With the Globalization on rise all over the world the government of Britain has been changing the corporate tax conditions and it has been reforming welfare systems and labor markets (Pilger, 2002). This has given Britain edge over other markets in which Globalization played a major role. Some economists argue that Globalization reduces the capability of the governments in developing countries to levy taxes because the corporations started increasing their profitability by reducing the tax payment and by moving their production plants to the countries offering low tax base. As Globalization lead to knowledge based product services, taxation of such has become even more complex (Grossman & Helpman, 1991). Not only the relative tax structures but the proximity of the markets in developing markets also plays a role in determining the flow of capital.
Globalization and the Inflation-unemployment Trade-off
Globalization has led to the increase of competitive pressure on British businesses in goods industries. One may question whether this has helped the common man in purchasing goods and is there any trade-off between inflation and unemployment. But in recent time cheaper prices for many manufactured goods and international commodities have certainly helped in controlling inflationary pressure.
The present scenario of Globalization lays one of its emphases in determining long term economic growth which can be achieved by importance to human capital. The global demand for high value added manufacturing outputs and high skill services is very strong (Brown, Lauder & Ashton, 2008). Globalization teaches Britain economy, which has probably lost forever its relative and comparative advantage by manufacturing low value added products, to improve the flexibility of workforce and skills. Until and unless there is substantial improvement in skills, flexibility, and standard of products Britain cannot regain its position of cheaper and quality world class market. (Brown & Lauder, 2006)
Impacts of Globalization on Youth in the Society
Globalization can be referred as a concept of structured process which allows flow of goods, capital, knowledge and technology between individuals of the states from all over the world, resulting in economic convergence, high standards of living and considerable evolutionary changes in political, cultural, biological and economic aspects human race (Robertson, 1992). It is widely agreed that Globalization paves the way for enhanced integration of national economies into a single global economy through direct foreign investment, international trade and commerce; short term capital flows into the markets and exchange of human resources and technology across nations because of it. One can also say that human evolution has very much influenced by Globalization as it proliferates cultural production and heavy consumption through movies, music, television, and fashion. This is a very popular topic for contemporary economics writing and study. Internet growth has also helped and been helped by Globalization, changing contemporary trends that drive towards the way of single culture, desires, style of living.
Globalization has paved way for many knowledge seekers and students to study in any part of the world and also opportunities of employment (Lee & Vivarelli, 2004). Some critics generally emphasize that globalization exacerbates unemployment, poverty, social exclusions, capitalism, environment deterioration, social divisions in most of the developing countries like Britain. All these impacts the youth directly. Dependency between national economies through trade and commerce will lead to an imbalance between nations attempting to dominate others. Thus, free trade which is a product of globalization creates a gap between poor nations and affluent nations. (Lauder, Brown & Ashton, 2008).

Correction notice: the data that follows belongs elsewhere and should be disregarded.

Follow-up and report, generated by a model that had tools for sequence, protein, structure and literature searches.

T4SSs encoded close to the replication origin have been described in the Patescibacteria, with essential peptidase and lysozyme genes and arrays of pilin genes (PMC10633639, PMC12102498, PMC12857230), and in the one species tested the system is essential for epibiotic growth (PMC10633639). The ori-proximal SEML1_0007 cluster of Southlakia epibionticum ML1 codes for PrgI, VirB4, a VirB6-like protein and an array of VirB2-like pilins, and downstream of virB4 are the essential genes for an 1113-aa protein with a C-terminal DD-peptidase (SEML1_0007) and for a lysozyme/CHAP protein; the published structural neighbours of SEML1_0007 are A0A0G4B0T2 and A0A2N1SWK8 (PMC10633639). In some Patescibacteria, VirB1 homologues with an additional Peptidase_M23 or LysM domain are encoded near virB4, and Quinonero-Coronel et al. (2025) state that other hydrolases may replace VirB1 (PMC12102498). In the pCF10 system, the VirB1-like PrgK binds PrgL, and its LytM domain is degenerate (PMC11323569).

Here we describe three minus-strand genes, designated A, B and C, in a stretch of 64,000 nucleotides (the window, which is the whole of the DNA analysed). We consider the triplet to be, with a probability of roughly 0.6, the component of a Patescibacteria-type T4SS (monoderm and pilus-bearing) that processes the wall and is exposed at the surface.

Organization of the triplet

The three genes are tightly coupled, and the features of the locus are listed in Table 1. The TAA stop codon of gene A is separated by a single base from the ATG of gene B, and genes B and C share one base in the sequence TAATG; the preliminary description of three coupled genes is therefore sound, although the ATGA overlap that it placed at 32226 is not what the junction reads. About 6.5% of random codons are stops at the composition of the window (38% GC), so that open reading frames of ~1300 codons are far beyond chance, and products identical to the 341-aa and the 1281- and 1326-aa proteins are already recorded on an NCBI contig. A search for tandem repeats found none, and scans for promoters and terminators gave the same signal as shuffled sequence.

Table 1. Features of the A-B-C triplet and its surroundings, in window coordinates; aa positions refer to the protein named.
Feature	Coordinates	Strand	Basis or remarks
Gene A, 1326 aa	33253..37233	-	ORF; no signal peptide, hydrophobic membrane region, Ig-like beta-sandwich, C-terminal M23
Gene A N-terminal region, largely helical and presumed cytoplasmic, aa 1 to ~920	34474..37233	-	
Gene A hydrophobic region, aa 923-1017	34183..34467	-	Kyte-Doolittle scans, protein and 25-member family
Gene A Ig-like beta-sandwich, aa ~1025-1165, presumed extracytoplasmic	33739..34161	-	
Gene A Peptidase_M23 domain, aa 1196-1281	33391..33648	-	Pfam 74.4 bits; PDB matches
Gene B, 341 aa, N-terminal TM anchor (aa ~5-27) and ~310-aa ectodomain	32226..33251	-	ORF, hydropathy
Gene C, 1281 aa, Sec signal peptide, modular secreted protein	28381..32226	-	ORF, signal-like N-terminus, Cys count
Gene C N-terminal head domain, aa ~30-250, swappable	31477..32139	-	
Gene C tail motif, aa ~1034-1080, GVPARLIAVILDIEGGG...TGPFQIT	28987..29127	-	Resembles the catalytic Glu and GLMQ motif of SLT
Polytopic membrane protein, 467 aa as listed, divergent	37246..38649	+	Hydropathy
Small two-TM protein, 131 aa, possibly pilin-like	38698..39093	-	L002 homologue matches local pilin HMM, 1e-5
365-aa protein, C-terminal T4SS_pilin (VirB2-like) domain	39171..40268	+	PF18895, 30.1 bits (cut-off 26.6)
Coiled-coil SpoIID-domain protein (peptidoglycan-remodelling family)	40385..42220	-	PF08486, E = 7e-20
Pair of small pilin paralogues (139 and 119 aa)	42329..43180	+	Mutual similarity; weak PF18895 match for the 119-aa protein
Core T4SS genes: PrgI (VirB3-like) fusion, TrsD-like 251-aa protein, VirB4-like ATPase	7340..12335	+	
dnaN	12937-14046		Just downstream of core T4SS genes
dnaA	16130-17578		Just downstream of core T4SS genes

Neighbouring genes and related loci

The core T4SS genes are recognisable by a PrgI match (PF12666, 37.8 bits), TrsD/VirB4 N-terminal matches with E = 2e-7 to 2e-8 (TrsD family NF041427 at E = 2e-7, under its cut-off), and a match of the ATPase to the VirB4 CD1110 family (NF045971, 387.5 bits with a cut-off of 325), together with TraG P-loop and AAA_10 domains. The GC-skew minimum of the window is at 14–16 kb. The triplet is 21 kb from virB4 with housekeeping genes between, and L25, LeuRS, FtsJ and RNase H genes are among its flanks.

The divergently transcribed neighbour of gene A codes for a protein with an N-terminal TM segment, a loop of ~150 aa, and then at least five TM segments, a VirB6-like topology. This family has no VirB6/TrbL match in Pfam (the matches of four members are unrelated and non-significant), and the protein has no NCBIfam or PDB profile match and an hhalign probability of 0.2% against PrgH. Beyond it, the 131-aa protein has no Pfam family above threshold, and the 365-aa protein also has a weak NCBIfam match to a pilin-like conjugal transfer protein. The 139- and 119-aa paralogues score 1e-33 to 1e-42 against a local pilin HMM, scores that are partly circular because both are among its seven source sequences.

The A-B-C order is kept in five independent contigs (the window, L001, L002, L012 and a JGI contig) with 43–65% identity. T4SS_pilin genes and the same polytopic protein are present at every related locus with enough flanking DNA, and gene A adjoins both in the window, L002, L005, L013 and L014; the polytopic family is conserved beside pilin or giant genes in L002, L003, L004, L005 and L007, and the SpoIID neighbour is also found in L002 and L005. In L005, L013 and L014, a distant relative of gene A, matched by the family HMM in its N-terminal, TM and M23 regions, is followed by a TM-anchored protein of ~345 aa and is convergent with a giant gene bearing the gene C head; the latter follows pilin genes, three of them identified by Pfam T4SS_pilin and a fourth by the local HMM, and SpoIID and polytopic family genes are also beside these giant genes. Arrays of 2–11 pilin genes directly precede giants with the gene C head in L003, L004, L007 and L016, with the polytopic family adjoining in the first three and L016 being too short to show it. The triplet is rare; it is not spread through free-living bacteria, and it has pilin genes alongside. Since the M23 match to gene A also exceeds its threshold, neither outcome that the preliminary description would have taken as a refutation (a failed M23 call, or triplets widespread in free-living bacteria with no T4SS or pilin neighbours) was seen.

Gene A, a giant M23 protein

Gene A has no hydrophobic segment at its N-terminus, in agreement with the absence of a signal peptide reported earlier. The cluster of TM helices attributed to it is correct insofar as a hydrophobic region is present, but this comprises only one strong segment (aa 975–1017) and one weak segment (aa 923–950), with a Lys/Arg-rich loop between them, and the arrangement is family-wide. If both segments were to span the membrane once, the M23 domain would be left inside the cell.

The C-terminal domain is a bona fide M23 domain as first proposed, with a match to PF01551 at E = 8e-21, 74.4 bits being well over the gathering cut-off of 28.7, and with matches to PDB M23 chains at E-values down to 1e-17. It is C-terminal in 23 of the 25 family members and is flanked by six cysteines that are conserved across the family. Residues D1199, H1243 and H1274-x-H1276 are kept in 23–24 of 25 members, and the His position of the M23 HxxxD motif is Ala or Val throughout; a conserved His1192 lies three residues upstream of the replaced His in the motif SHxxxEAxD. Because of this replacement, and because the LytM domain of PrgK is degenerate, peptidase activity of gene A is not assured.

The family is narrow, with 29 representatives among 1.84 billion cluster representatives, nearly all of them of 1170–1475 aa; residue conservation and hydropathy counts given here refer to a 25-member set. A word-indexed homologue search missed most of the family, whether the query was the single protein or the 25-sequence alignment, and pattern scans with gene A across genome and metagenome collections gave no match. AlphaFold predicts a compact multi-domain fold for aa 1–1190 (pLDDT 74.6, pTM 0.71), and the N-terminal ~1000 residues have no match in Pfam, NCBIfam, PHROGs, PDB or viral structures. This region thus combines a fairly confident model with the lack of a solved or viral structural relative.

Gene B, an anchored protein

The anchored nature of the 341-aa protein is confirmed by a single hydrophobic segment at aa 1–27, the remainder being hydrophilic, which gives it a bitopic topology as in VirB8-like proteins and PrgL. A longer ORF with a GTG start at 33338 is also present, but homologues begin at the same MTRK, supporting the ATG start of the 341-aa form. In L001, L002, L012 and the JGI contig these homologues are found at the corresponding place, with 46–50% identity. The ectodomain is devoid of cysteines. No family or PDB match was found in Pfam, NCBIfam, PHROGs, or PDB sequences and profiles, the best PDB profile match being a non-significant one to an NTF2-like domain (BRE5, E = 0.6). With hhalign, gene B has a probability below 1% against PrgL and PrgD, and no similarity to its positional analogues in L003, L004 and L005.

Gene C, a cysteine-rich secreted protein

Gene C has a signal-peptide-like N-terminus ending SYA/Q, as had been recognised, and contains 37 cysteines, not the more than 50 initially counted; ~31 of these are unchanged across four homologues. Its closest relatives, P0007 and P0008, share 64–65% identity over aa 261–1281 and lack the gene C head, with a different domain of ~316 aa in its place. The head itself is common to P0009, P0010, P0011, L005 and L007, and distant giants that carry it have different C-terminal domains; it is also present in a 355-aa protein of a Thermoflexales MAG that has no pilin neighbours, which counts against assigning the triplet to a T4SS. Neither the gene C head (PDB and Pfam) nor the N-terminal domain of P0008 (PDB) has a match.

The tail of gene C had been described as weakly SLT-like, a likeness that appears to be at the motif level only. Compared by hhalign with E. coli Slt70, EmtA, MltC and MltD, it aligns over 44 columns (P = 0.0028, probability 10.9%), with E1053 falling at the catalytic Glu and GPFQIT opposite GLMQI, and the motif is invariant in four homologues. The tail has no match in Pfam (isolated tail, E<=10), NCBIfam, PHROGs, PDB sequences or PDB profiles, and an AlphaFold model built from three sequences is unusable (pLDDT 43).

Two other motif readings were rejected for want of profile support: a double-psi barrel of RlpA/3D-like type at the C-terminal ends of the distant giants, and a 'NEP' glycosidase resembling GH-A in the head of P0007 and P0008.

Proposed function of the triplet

Globalization in developing countries provides possibilities for interactions leading to convergence among people. It also fuels dispersion of capitalistic practices as more emphasis will be laid on market economy and consumerism which control the dynamics of the market. These issues or realities have a direct effect on younger generation. Generally youth will be in the midst of finding a means or a sense of identity for themselves and this process is altered because of intensification of economic and social relations in the global scenario due to globalization (Scholte, 2005).
Too Much Consumerism Because of Globalization
Globalization in general lays too much emphasis on consumerism where the families have to maintain a sufficient supply of financial or monetary resources in order to sustain and continue their participation in free market system (Dollfus, 1997). This enormous need for material and financial resources forces children and parents to engage in the intense income-generating efforts. In most of the developing countries, young people are being encouraged to provide and spend more time and effort on survival and cash oriented activities in order to get adapted to the rapid pace of the socio-economic living. The present competitive and rapid growing global economy offers most of the children an escape mechanism from poverty as well as an opportunity for many developing countries to exploit the citizens of their nation who are willing and capable to work since their economic survival mostly relies on world trade and foreign investments. As the young generation in this contemporary era does not want to limit them in single work culture, the possibility for them to extend their services in this globalized environment, which fosters an environment to learn different organization cultures and skill sets (Lee & Vivarelli, 2004).